The J. Willard and Alice S. Marriott School of Management has approximately 110 faculty in its six academic departments, including accountancy, business management, information management, managerial economics, public management, and organizational behavior. The Graduate School of Management offers the master of accountancy, the master of business administration, the executive MBA, the master of organizational behavior, the master of public administration, and the executive MPA programs. In addition, the School of Management coordinates university programs in Air Force and Army ROTC with their sixteen military faculty.

The J. Reuben Clark Law School, with its twenty-eight faculty members, offers a six-semester course of graduate professional study leading to the doctor of jurisprudence degree. The Law School also offers a master of comparative law program.

BYU offers several Study-Abroad Programs, including semesters in several European and Asian countries, Mexico, and Israel (see Brigham Young University: Jerusalem Center for Near Eastern Studies).

The Division of Continuing Education at BYU enrolls more than 390,000 students yearly in evening classes, independent study, conferences and workshops, travel study, study abroad, and other courses at centers in California; Ogden, Utah; Salt Lake City; and Rexburg, Idaho.

ACCREDITATION. BYU is fully accredited by the Northwest Association of Schools and Colleges. In addition, most professional programs of the university are reviewed, evaluated, and accredited by national and state associations and boards.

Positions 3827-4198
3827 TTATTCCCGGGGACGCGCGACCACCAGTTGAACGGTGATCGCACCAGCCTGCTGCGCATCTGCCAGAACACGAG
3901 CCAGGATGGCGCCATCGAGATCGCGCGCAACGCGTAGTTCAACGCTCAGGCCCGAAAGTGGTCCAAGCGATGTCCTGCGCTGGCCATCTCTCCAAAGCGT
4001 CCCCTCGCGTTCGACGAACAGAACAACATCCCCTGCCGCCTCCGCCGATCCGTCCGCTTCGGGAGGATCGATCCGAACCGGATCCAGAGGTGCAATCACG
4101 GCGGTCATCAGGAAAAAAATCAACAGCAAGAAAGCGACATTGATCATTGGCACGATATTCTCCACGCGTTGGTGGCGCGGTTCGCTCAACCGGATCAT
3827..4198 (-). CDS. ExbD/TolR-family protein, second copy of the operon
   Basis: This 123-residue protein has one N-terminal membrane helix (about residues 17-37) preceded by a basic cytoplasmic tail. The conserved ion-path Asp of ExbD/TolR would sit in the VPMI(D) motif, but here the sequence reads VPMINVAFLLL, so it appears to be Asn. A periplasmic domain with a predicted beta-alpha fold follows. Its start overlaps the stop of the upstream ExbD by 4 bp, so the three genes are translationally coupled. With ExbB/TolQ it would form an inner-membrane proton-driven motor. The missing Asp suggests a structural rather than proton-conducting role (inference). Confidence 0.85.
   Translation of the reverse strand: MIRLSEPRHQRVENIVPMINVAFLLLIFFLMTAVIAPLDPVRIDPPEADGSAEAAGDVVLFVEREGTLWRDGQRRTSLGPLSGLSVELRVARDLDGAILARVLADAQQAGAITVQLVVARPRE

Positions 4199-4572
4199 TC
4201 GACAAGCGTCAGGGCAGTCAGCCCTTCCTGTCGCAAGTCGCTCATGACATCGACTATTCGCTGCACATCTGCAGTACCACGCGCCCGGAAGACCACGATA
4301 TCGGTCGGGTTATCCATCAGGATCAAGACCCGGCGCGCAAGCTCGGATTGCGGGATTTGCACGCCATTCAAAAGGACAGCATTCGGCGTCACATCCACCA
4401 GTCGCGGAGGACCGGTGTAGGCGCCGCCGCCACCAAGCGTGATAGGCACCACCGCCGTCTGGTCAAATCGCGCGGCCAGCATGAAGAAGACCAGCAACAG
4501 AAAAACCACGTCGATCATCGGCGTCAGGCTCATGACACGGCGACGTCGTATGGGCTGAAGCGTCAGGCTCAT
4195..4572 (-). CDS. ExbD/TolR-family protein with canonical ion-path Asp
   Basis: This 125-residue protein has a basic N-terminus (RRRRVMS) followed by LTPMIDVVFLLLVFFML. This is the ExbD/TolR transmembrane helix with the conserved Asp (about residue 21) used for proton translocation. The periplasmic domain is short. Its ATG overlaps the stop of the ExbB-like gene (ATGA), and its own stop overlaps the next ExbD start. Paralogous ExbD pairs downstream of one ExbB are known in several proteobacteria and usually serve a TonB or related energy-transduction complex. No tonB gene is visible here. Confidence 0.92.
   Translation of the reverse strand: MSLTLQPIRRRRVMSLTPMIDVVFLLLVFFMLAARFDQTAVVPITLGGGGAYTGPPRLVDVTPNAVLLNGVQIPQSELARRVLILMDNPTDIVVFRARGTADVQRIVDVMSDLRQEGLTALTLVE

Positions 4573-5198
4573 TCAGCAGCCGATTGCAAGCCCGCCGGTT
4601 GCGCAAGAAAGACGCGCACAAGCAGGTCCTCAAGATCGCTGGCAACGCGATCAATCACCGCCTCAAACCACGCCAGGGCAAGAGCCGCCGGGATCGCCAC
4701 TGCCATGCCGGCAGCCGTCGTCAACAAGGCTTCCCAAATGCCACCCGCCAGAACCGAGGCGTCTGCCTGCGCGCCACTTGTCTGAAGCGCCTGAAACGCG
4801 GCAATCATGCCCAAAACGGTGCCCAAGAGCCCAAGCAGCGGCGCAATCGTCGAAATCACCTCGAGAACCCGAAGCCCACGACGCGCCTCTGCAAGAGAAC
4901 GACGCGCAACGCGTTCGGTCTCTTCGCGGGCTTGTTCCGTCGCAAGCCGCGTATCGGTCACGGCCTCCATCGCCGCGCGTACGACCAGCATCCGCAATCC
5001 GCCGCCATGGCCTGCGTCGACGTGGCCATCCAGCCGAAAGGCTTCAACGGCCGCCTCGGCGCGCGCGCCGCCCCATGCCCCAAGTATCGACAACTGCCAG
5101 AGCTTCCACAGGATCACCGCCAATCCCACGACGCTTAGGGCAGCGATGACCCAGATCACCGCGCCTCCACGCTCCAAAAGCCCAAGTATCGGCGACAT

Bibliography

Bergera, Gary James, and Ronal Priddis. Brigham Young University: A House of Faith. Salt Lake City, 1985.

Brigham Young University Bulletin (annual catalog). Provo, Utah, 1990.

Butterworth, Edwin. Brigham Young University: 1,000 Views of 100 Years. Provo, Utah, 1975.

Clark, Marden J. "On the Mormon Commitment to Education." Dialogue 7 (Winter 1972):11-19.

Daines, J. Gordon, III. "Charting the Future of Brigham Young University: Franklin S. Harris and the Changing Landscape of he Church's Educational Network, 1921-1926." BYU Studies 45:4 (2006):69-98.

Geary, Edward A. "Confessions of a Chameleon." BYU Studies 31 (Fall 1991):15-20.

Holland, Jeffrey R. A School in Zion. Provo, Utah, 1988.

Kimball, Spencer W. "Second Century Address." BYU Studies 16 (Summer 1976):445-57.

King, Arther H. "The Idea of a Mormon University." BYU Studies 13 (Winter 1873):115-25.

Larson, Clinton F. "The Founding Vision of BYU Studies." BYU Studies 31 (Fall 1991):5-10.

Pardoe, T. Earl. The Sons of Brigham. Provo, Utah, 1969.

Poll, Richard Douglas. The Honors Program at Brigham Young University, 1960-1985. Provo, Utah, 1985.

Tate, Charles D., Jr. "BYU Studies in the 1970s." BYU Studies 31 (Fall 1991):11-14.

Waterstradt, Jean Anne, ed. They Gladly Taught: Ten BYU Professors. Provo, Utah, 1986.

Welch, John W. "BYU Studies: Into the 1990s." BYU Studies 31 (Fall 1991):21-28.

Wilkinson, Ernest L., et al. Brigham Young University: The First One Hundred Years, 4 vols. Provo, Utah, 1975-1976.

Wilkinson, Earnest L., and W. Cleon Skousen. Brigham Young University: A School of Destiny. Provo, Utah, 1976.

Wilson, Keith J. "By Study and Also by Faith: The Faculty at Brigham Young University Responds." BYU Studies 38:4 (1999):157-175.

Woodger, Mary Jane and Joseph H. Groberg. "George H. Brimhall's Legacy of Service to Brigham Young University." BYU Studies 43:2 (2004):5-46.